Spring 2016 | Biology | Marquette University

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By: Leah Conrath, Biological Sciences B.S. 2016



Leah Conrath Undergraduate Research
Leah Conrath (author) presents her internship research to Dr. John Bennett at the Undergraduate Research Day in April, 2016

All of science can be boiled down to the basic search for truth, and its methods are research and experimentation. It doesn’t make sense then to only introduce these skills after a student has graduated. Here at the Marquette University Department of Biological Sciences, undergraduate students have the opportunity to apply the scientific process in a variety of ways. There are required lab courses of course, but there are also other avenues for the curious and ambitious mind, such as the summer research program or the biological sciences internship program, Launch.


One avenue that has gained more attention recently is the BIOL 4956 independent research course for undergraduate students. This course allows students to coordinate with a professor, and start or continue a research program in the professor’s lab. Slowly but steadily increasing, the program has grown from 23 students in the 2013-2014 academic year to 45 this year.


Bo Kitelinger Undergraduate Research
Bo Kitelinger presents his research at the Undergraduate Research Day in April, 2016

To learn more about the program I talked to Dr. Edward Blumenthal, Associate Professor and Chair of the Biological Sciences Department. He

attributes the growth to an increase in both overall numbers of students with declared majors in the Biological Sciences as well as an increasing expectation of research experience by medical schools and employers. “It’s a great experience,” he said, while still cautioning that a limited number of labs and resources, means not everyone that wants to work in a lab can.


Dr. Lisa Petrella, an Assistant Professor at Marquette, agreed with this assessment.  “I think every professor will give the same answer” she replied when asked about the limiting factor for taking on students “and it will be time.” Between teaching classes, doing research, writing grants, and seeing their family; time is precious for Marquette professors and adding mentoring a student to that workload is not always possible.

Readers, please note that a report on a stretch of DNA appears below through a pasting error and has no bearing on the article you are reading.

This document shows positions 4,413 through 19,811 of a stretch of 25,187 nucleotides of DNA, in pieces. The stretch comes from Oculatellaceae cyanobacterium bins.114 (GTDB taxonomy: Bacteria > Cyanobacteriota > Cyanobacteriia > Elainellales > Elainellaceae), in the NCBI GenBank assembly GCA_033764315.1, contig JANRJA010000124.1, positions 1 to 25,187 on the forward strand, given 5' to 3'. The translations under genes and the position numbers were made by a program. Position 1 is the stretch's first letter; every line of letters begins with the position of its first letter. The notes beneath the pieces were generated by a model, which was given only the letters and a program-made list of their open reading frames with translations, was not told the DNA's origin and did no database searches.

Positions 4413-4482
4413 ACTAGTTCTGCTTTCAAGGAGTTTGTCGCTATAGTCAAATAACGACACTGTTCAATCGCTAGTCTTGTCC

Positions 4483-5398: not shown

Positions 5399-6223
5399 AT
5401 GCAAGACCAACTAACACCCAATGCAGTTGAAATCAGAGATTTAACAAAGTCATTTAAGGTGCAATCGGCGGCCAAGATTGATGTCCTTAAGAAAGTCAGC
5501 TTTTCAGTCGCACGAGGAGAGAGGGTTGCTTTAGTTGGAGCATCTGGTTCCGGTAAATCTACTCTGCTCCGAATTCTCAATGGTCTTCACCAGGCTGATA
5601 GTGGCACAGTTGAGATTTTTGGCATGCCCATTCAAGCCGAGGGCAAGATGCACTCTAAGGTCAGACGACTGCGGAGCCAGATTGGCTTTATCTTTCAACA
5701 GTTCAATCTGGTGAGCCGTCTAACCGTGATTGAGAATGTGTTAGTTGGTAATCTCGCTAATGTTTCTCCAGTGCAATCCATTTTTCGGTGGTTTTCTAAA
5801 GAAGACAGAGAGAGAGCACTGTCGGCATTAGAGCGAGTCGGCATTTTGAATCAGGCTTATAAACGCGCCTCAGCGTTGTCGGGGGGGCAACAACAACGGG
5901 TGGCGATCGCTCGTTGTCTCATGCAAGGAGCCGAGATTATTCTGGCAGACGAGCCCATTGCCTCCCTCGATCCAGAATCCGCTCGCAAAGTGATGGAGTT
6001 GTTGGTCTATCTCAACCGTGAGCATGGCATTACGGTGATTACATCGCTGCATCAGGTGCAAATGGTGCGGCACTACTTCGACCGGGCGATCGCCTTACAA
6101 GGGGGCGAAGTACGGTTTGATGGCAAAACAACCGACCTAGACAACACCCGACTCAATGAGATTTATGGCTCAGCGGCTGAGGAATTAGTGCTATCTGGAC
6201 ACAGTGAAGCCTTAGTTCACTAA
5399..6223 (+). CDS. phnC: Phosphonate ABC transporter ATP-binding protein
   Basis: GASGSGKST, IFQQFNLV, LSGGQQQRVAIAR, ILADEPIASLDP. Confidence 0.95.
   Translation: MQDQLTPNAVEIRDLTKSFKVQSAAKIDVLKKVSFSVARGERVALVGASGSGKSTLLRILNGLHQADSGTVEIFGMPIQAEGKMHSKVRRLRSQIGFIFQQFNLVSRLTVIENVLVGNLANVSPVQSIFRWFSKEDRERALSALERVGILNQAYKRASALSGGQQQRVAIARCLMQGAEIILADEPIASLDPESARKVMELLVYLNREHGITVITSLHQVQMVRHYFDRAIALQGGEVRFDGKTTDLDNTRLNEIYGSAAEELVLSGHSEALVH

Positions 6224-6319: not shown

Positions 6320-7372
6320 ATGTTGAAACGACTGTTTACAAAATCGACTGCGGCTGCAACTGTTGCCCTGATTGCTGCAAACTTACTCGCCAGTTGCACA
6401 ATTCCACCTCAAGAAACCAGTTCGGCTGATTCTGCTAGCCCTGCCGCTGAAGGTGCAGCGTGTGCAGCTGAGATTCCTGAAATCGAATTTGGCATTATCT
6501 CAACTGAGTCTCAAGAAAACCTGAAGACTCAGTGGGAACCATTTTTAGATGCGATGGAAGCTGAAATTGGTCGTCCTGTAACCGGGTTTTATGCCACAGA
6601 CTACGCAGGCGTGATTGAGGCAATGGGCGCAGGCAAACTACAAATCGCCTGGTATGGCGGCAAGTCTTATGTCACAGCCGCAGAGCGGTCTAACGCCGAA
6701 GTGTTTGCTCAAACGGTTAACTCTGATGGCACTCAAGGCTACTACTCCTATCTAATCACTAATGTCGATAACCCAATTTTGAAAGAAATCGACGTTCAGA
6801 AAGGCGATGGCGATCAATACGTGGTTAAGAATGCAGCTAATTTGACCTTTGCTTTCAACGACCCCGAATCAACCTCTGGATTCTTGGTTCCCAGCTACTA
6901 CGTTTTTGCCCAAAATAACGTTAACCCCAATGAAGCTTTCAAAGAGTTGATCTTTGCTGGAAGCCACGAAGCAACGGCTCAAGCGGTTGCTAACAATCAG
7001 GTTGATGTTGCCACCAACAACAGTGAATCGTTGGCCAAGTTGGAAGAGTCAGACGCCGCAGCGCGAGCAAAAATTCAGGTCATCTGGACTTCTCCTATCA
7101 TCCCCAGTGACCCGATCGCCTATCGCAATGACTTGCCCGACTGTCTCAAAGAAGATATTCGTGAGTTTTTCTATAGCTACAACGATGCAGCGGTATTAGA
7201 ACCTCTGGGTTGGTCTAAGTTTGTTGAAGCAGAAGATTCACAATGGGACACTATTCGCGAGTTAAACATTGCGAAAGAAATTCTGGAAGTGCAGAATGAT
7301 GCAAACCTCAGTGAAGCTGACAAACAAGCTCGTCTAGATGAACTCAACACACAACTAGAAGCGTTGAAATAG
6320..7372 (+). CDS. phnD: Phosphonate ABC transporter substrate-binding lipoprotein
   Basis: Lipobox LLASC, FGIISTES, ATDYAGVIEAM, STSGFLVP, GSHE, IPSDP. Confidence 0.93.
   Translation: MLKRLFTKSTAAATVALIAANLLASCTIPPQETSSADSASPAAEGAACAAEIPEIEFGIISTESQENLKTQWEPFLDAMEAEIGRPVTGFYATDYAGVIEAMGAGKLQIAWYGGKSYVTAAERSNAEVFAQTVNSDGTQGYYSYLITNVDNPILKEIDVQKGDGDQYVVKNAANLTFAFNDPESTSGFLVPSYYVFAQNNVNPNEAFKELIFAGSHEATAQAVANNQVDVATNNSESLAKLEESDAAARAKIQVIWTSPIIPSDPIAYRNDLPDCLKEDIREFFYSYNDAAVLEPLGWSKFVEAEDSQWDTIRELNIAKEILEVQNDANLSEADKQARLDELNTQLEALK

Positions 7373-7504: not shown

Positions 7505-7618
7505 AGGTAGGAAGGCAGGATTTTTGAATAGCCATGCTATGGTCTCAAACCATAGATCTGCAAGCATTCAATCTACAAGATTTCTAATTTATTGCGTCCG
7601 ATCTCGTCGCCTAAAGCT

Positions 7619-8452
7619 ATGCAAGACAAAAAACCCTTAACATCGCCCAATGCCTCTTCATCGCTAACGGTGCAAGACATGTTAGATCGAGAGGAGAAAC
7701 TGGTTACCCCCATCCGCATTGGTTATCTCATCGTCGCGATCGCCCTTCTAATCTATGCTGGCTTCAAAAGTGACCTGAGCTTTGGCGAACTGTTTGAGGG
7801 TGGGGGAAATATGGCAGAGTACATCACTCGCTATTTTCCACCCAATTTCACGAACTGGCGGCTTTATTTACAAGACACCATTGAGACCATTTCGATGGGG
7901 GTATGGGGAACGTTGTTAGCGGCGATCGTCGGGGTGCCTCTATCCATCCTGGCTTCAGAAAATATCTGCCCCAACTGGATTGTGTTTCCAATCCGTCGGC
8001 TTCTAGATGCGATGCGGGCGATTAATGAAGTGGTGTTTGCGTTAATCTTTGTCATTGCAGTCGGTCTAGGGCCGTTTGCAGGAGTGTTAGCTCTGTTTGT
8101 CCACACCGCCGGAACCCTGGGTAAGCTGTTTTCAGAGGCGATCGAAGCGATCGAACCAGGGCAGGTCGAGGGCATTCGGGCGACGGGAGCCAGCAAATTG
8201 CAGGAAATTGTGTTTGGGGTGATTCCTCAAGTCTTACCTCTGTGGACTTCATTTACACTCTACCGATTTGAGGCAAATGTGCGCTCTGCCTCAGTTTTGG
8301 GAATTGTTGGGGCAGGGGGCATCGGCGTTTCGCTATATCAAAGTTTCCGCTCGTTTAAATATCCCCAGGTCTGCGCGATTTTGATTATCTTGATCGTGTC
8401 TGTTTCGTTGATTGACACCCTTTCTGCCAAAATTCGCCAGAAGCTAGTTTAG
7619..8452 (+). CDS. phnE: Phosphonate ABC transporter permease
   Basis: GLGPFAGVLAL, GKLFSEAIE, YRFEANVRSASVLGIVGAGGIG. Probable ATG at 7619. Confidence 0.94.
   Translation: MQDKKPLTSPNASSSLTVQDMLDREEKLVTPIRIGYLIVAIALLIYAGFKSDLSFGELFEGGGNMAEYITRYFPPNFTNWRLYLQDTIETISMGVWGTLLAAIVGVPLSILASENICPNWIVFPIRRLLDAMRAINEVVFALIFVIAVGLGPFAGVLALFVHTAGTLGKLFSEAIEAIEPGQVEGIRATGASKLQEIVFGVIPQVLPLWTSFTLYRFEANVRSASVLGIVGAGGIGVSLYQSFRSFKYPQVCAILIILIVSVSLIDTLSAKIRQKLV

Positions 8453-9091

Katalin Kenney Undergraduate Research
Katalin Kenney and Dr. Jim Buchanan work with the confocal microscope

One of the ways that professors make sure their time and the students’ time is not wasted, is by picking students that have shown both an interest and dedication to lab work in the past. I talked to Garrett Panno and Katalin Kenney, both students participating the program, about how they become undergraduate researchers at Marquette. They both had extensive experience volunteering and working in other labs before being accepted in their current position. Their acquired proficiency with lab equipment and procedures combined with their upper level coursework made them appealing candidates and has allowed them to work on some very interesting projects. Garrett is in Dr. Fitts’ lab studying the role of the potassium/ATP channel in myocytes in the heart and their relation to heart disease, while Katalin is studying microRNAs in C. elegans with Dr. Abbot.


But even students with extensive research backgrounds can have a lot to learn. “Everyone [else] in the lab has a PhD so it can be a little intimidating” confessed Katalin. Garrett too, admitted that “There is a big learning curve,” but he still found the experience rewarding. They also stressed that lab work is a huge time commitment because it is based on how much you need to get done, not necessarily how much time you would like to spend in the lab that day. So in addition to letting students know what it is like to pursue a career in research it also teaches student personal responsibility and time management.


Garrett Panno Undergraduate Research
Garrett Panno, Biological Sciences B.S. '16 conducting research in the Fitts lab

If you are an underclassman and would like to be an undergraduate researcher, you can start your research career by contacting your professors about work in their labs. It may be introductory work at first, like washing dishes, but you can at least get your foot in the door. Also make sure to attend the Biological Undergraduate Society’s Research Explorations event and fill out an application there to work in a lab. Professors often look through these when looking for student workers. To be part of 4956 specifically, speak with a professor about mentoring you. If they believe you are qualified and have space in their lab, you will get a permission number and may enroll in the course. Don’t be discouraged, if you don’t get in immediately. In the words of Dr. Benedict Kemp, “Research is failing until you can’t fail anymore” so persevering through adversity can only help your future research career.






Biological Sciences Department

Marquette University, Wehr Life Sciences
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P.O. Box 1881
Milwaukee, WI 53201-1881
(414) 288-7355